In this thesis, we consider the problem of continuous-time stochastic control with full and partial information and quadratic costs. Under some assumptions we reduce the problem of controlling a general diffusion process into controlling a piecewise linear system, called the Linearized system. The Linearized system is defined with respect to a time-partition of the fixed horizon [0,T]. We initially prove that the cost functional associated with the Linearized system converges to the cost functional of the original system as the mesh of the partition goes to 0. This in turn implies that an optimal control for the approximating system is also ε-optimal for the original system. Hence we centre our analysis at obtaining the optimal control for the Linearized system. To this end, we present two methodologies : the Perturbation method and the Policy Improvement method. In the first method, by imposing boundedness assumptions on the coefficients of the controlled diffusion, we construct the optimal control in each subinterval of the partition based on the framework of the so-called Linear Quadratic Regulator problem. In the second method we construct the optimal control in each subinterval of the partition by using a criterion under which, by starting from an arbitrary control and an associated cost, we eventually obtain, after consecutive steps, the control which minimises the cost functional of the Linearized system.

Some infinite dimensional topics in probability and statistics

Blacque-Florentin, Pierre January 2016 (has links)
This thesis comprises two independent parts. In the first part, we develop a pathwise calculus for functionals of integer-valued measures and extend the framework of Functional Itô Calculus to functionals of integer-valued random measures by constructing a ’stochastic derivative’ operator with respect to such integer-valued random measures. This allows us to obtain weak martingale representation formulae holding beyond the class of Poisson random measures, and allowing for random and time-dependent compensators. We study the behaviour of this operator and compare it with other previous approaches in the literature, providing in passing a review of the various Malliavin approaches for jump processes. Finally, some examples of computations are provided. The second part is oriented towards nonparametric statistics, with a financial application as our main goal: we aim at recovering a surface of FX call options on a pegged currency such as the Hong Kong dollar against the U.S. dollar, based on a small number of noisy measurements (the market bid-ask quotes). Inspiring ourselves from the Compressed Sensing literature, we develop a methodology that aims at recovering an arbitrage-free call surface. We first apply this methodology, based on tensor polynomial decomposition of the surface, to a sparse set of call-option prices on the S&P500, recovering the call option prices within desired tolerance, as well as a smooth local-volatility surface. On a pegged currency such as the HKD/USD, it appears that tensor polynomials may not be an adequate way to model the smiles across maturities. Modifying the methodology in favour of structure-preserving functions, we apply the new methodology to our HKD/USD dataset, recovering the smiles, and the corresponding state-price density.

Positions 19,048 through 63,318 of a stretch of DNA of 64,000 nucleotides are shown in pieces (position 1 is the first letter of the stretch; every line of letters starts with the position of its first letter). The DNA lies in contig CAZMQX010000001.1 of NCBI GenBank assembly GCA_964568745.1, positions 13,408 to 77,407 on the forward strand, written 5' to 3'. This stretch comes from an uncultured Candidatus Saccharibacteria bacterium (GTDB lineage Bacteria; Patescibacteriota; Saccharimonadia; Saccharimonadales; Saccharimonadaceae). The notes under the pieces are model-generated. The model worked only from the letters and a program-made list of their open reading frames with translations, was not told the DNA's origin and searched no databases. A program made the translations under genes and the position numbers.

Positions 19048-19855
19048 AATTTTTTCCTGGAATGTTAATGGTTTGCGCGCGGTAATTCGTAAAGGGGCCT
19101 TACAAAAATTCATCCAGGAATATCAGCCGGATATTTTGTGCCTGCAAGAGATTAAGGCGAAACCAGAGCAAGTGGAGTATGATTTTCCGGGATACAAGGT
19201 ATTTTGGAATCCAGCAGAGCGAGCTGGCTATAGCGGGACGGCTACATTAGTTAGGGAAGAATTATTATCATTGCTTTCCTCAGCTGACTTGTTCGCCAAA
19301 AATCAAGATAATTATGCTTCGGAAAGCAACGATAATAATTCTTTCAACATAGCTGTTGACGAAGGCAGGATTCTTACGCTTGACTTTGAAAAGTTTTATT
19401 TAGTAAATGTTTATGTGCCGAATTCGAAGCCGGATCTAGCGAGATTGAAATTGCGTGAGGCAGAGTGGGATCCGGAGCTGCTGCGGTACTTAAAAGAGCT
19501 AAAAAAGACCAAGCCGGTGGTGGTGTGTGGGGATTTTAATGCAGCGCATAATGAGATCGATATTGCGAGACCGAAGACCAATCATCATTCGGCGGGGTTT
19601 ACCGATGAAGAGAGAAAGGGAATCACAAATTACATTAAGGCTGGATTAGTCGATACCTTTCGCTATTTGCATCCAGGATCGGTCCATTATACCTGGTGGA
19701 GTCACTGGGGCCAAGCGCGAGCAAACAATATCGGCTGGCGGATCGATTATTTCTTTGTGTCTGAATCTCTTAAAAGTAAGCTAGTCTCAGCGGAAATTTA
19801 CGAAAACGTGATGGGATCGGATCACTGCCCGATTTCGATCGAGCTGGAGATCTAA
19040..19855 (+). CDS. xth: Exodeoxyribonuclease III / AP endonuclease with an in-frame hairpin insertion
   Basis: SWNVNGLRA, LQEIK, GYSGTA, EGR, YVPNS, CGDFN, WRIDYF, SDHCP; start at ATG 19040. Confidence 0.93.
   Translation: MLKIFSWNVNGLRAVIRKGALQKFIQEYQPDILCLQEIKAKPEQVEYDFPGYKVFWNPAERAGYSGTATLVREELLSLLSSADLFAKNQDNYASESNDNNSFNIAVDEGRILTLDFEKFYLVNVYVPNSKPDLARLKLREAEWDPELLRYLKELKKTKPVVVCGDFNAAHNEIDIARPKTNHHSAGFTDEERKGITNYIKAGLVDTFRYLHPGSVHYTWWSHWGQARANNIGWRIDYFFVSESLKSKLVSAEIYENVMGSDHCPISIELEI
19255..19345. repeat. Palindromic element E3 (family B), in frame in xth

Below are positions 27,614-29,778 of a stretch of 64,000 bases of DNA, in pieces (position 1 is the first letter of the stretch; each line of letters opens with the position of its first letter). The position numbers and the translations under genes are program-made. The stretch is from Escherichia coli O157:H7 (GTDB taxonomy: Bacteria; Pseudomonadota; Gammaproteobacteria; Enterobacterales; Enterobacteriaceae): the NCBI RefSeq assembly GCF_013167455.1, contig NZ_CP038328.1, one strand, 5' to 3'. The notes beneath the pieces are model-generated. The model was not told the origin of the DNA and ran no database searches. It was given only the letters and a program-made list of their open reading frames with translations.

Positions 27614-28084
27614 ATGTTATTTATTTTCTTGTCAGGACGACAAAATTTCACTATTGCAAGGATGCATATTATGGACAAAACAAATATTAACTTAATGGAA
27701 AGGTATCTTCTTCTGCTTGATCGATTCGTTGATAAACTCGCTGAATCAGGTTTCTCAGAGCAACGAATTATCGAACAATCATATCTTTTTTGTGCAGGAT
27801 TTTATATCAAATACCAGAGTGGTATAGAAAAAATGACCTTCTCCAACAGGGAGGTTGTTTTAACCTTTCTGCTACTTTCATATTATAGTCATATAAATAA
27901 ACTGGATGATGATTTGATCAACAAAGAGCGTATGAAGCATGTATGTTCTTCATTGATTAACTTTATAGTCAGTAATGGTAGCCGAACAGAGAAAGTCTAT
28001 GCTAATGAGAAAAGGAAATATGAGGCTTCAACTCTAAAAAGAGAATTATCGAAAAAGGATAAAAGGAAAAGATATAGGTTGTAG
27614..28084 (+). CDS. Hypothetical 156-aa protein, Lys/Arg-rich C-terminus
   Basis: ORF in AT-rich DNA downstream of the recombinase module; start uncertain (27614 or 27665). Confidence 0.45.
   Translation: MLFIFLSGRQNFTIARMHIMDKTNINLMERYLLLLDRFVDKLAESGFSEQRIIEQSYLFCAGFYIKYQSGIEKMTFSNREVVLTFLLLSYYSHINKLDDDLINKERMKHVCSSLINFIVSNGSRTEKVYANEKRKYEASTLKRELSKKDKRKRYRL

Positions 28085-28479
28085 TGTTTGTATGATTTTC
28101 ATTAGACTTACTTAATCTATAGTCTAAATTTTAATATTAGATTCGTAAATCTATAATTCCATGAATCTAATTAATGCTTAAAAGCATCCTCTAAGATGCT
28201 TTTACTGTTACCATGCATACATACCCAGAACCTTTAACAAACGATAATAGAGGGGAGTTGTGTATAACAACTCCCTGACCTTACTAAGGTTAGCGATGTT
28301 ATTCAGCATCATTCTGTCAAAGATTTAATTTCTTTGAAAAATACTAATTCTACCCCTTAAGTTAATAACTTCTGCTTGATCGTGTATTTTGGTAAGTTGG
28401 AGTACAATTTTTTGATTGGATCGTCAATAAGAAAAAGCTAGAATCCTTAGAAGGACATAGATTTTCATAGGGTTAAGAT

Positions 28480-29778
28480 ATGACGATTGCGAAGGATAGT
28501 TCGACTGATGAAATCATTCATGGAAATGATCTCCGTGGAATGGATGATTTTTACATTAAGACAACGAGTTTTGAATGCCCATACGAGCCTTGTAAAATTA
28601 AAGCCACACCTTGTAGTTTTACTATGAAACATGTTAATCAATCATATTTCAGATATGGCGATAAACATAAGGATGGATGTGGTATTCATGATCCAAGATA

Long time behaviour of infinite dimensional stochastic processes

Zak, Frantisek January 2016 (has links)
We study two examples of infinite dimensional stochastic processes. Situations and techniques involved are quite varied, however in both cases we achieve a progress in describing their long time behaviour. The first case concerns interacting particle system of diffusions. We construct rigorously the process using finite dimensional approximation and the notion of martingale solution. The existence of invariant measure for the process is proved. The novelty of the results lies in the fact, that our methods enable us to consider such examples, where the generator of the diffusion is subelliptic. The other project is related to stochastic partial differential equations and their stability properties. In particular it is shown that Robbins-Monro procedure can be extended to infinite dimensional setting. Thus we achieve results about pathwise convergence of solution. To be able to define corresponding solution, we rely on so-called variational approach to stochastic partial differential equations as pioneered by E. Pardoux, N. Krylov and B. Rozovskii. Our examples covers situations such as p-Laplace operator or Porous medium operator.

Multilevel algorithms for the optimization of structured problems

Ho, Chinpang January 2016 (has links)